Ubuntu sticking to six-month release schedule

Ubuntu CEO tells PC Pro that plans to move to rolling releases have been dropped

24 Apr 2013

Ubuntu has shelved the idea of moving to rolling releases, and will continue to release a new version every six months.

Earlier this year, Ubuntu developers discussed the idea of moving to rolling releases, with new features added to the OS as and when they were ready. The developers would have continued to release a long-term support version every two years.

However, Canonical CEO Jane Silber told PC Pro that the development group had taken a "cold, hard look at our long-standing practices" and decided to keep its current twice-yearly cadence.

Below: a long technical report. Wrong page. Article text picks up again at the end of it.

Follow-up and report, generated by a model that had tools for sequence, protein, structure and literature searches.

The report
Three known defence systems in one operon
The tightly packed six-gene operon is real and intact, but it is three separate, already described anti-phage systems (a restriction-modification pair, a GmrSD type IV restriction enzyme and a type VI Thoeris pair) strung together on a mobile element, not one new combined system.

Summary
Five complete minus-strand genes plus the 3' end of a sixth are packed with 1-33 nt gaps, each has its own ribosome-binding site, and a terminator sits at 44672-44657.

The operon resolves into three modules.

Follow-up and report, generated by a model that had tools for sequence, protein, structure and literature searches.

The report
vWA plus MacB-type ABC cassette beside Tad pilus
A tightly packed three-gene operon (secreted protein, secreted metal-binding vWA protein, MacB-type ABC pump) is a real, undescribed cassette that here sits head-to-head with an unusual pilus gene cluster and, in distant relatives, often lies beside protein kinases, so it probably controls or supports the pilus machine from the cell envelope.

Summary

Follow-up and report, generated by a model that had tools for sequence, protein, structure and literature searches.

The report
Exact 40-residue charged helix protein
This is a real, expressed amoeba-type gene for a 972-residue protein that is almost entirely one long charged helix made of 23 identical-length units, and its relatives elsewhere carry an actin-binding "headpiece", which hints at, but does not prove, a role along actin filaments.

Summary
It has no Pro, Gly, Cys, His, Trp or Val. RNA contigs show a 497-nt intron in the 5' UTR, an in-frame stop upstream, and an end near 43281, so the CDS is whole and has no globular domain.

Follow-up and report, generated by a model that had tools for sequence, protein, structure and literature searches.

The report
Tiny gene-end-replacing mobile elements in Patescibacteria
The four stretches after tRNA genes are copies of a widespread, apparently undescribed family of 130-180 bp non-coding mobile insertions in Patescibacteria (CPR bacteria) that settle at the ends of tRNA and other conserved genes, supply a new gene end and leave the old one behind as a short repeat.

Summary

It will, however, halve support for each release from 18 months to nine months - aside from the long-term-support edition.

Silber said the change made sense as Ubuntu users tend to either stick with the long-term support version or update every six months. "There seemed to be a lot of work supporting six-monthly releases for 18 months, but nobody was really using them," she said.

Canonical is also increasing the number of planning meetings it has, holding them monthly. "The planning cycle change is related, but was driven by a different rational," she said. "It's more a philosophy of agile development, which promotes the idea of doing short iterations."

"The idea of having shorter planning cycles is a common idea in software projects, but Ubuntu has been on six-monthly cadence for so long, it wasn't one that we'd really looked at for quite a while," she said. "It was a chance for us to re-look at our habits and see where we can learn from other projects."

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